By approximating
by the asymptotic expected value of Hessian
we can obtain the BIC criterion for B-spline model selection as follows:
where d_{kx }and d_{ky }are the number of control points in the x and y directions respectively, and m is the number of data points.
In the above equation, the first two terms {circumflex over (σ)}_{kx} ^{2 }and {circumflex over (σ)}_{ky} ^{2 }
measure the prediction accuracy of the B-spline model, which increases with the complexity of the model.
In contrast, the second term decreases and acts as a penalty for using additional parameters to model the data. However, since the {circumflex over (σ)}_{kx} ^{2 }and {circumflex over (σ)}_{ky} ^{2 }only depend on the training sample for model estimation, they are insensitive when under fitting or over fitting occurs. In the above equation, only penalty terms prevent the occurrence of over-fitting. In fact, an honest estimate of σ_{kx} ^{2 }and σ_{ky} ^{2 }should be based on a re-sampling procedure. Here, the available data may be divided into a training sample and a prediction sample. The training sample is used only for model estimation, whereas the prediction sample is used only for estimating the prediction data noise {circumflex over (σ)}_{kx} ^{2 }and {circumflex over (σ)}_{ky} ^{2}. That is, the training sample is used to estimate the model parameter {circumflex over (Φ)}_{k }by: Φ_{x}=[B^{T}B]^{−1}B^{T}x, Φ_{y}=[B^{T}B]^{−1}B^{T} _{y }while the prediction sample is used to predict data noise σ_{k} ^{2 }by
In fact, if the model {circumflex over (Φ)}_{k }fitted to the training data is valid, then the estimated variance {circumflex over (ρ)}_{k }from a prediction sample should also be a valid estimate of data noise.
In another preferred embodiment, for a given a set of models insert p51 and data r, the Bayesian approach selects the model with the largest posterior probability. The posterior probability of model M_{k }may be denoted by:
Here, we assume that the models have the same likelihood a priori, so that p(Mk)=1/k_{max}, (k=1 . . . k_{max}). Therefore, the model selection in
will not be affected by p(M_{k}). This is also the case with
since it is not a function of M_{k}. Consequently, the factors p(M_{k}) and
may be ignored in computing the model criteria.
Equation
then becomes
To calculate the posterior probability of model M_{k}, we need to evaluate the marginal density of data for each model p(r|M_{k}) which requires multidimensional integration:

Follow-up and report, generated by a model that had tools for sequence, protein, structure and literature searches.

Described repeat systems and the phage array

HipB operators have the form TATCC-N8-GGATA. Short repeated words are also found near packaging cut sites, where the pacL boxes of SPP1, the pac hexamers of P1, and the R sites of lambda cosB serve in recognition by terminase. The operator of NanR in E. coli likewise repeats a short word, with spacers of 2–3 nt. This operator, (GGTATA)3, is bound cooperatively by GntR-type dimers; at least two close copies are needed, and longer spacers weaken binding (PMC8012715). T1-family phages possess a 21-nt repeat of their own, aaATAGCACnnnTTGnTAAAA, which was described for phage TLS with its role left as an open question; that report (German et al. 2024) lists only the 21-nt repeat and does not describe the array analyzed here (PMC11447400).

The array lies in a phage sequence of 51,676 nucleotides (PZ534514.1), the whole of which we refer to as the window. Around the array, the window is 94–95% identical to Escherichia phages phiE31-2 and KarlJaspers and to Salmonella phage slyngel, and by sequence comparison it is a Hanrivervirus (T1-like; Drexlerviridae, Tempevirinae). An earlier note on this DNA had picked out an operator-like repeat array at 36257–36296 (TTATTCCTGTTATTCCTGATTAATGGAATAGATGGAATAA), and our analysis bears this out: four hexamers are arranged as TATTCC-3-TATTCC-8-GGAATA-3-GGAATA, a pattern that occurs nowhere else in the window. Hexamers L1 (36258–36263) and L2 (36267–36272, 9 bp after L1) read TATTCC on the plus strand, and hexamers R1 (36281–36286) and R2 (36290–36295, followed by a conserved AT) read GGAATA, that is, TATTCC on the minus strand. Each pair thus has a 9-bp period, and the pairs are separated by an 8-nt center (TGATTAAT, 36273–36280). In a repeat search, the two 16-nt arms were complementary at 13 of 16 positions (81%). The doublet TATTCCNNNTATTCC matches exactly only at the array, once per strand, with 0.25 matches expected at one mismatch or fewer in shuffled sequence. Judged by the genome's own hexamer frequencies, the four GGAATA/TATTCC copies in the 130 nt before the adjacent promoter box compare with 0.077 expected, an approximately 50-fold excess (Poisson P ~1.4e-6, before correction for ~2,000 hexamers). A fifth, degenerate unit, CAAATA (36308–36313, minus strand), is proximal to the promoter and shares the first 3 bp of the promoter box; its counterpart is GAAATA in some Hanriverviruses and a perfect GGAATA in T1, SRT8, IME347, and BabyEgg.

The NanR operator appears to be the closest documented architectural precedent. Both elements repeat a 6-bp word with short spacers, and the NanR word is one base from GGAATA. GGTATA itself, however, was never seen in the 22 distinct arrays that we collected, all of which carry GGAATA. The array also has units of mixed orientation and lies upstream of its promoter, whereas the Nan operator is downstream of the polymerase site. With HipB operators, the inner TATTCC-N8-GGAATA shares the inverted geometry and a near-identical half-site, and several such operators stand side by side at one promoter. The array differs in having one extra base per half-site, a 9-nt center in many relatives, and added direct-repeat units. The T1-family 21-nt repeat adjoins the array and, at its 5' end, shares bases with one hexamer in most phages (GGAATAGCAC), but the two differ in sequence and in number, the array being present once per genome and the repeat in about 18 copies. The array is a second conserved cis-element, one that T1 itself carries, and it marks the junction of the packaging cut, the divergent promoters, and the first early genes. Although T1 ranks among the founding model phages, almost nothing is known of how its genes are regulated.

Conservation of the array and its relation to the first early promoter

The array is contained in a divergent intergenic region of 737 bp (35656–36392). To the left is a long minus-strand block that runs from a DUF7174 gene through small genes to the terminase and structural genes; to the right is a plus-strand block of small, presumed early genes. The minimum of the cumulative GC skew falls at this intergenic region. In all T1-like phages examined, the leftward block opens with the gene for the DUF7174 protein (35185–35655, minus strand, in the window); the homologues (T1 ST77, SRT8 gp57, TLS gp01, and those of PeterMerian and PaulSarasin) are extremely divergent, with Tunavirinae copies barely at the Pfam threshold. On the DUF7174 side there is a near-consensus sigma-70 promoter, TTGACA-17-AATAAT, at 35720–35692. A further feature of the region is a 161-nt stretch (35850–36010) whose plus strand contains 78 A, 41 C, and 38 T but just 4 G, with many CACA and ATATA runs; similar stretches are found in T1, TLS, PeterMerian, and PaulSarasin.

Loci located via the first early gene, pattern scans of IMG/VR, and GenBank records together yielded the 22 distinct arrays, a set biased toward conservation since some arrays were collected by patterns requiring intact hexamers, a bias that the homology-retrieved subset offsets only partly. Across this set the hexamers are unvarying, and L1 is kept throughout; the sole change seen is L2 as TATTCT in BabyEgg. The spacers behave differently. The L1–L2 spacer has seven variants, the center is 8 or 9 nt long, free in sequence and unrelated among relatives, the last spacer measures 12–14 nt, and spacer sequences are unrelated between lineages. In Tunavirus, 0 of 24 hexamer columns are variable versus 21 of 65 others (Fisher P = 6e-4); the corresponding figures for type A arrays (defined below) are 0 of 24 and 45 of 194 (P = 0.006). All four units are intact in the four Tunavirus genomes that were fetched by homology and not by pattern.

where Φ_{k }is the parameter vector for model M_{k}, p(r|φ_{k},M_{k}) is the likelihood and p(Φ_{k}|M_{k}) is the prior distribution for model M_{k}.
In practice, calculating the multidimensional integration is very difficult, especially for obtaining a closed form analytical solution. The research in this area has resulted in many approximation methods for achieving this. The Laplace's approximation method for the integration appears to be a simple one and has become a standard method for calculating the integration of multi-variable Gaussians [53]. This gives:
where {circumflex over (Φ)}_{k }is the maximum likelihood estimate of Φ_{k}, d_{k }denotes the number of parameters (control points for B-spline model) in model M_{K}, and H({circumflex over (Φ)}52 is the Hessian matrix of −log p(r|Φ_{k},M_{k}) evaluated at {circumflex over (Φ)}_{k},
This approximation is particularly good when the likelihood function is highly peaked around {circumflex over (Φ)}_{k}. This is usually the case when the number of data samples is large. Neglecting the terms of p({circumflex over (Φ)}_{k}|M_{k}) and using log in the calculation, the posterior probability of model M_{k }becomes:
The likelihood function p(r|{circumflex over (Φ)}_{k},M_{k}) of a closed B-spline cross section curve may be factored into x and y components as
p(r|{circumflex over (Φ)} _{k} ,M _{k})=p(x|{circumflex over (Φ)} _{kz} ,M _{k})·p(y|{circumflex over (Φ)} _{ky} ,M _{k})
where {circumflex over (Φ)}_{kx }and {circumflex over (Φ)}_{ky }may be calculated by
Consider the x component. Assuming that the residual error sequence is zero mean and white Gaussian with a variance σ_{kx} ^{2}({circumflex over (φ)}_{kx}). The likelihood function may be denoted as follows:
Similarly, the likelihood function of the y component may also be obtained. The corresponding Hessian matrix Ĥ_{k }of −log p(r|Φ_{k},M_{k})
Evaluated at {circumflex over (Φ)}_{k }is
Approximating
by the asymptotic expected value of Hessian insert
the Bayesian information criterion (BEC) for selecting the structure of a B-spline curve is
where d_{kx }and d_{ky }are the number of control points in x and y directions respectively, and m is the number of data points.
In the conventional BIC criterion as shown in the above equation, the first two terms measure the estimation accuracy of the B-spline model. In general, the variance {circumflex over (σ)}_{k} ^{2 }estimated from
tends to decrease with the increase in the number of control points. The smaller the variance value in {circumflex over (σ)}_{k} ^{2}, the bigger the value of the first two terms (as the variance is much smaller than one) and therefore the higher the order (i.e. the more control points) of the model resulting from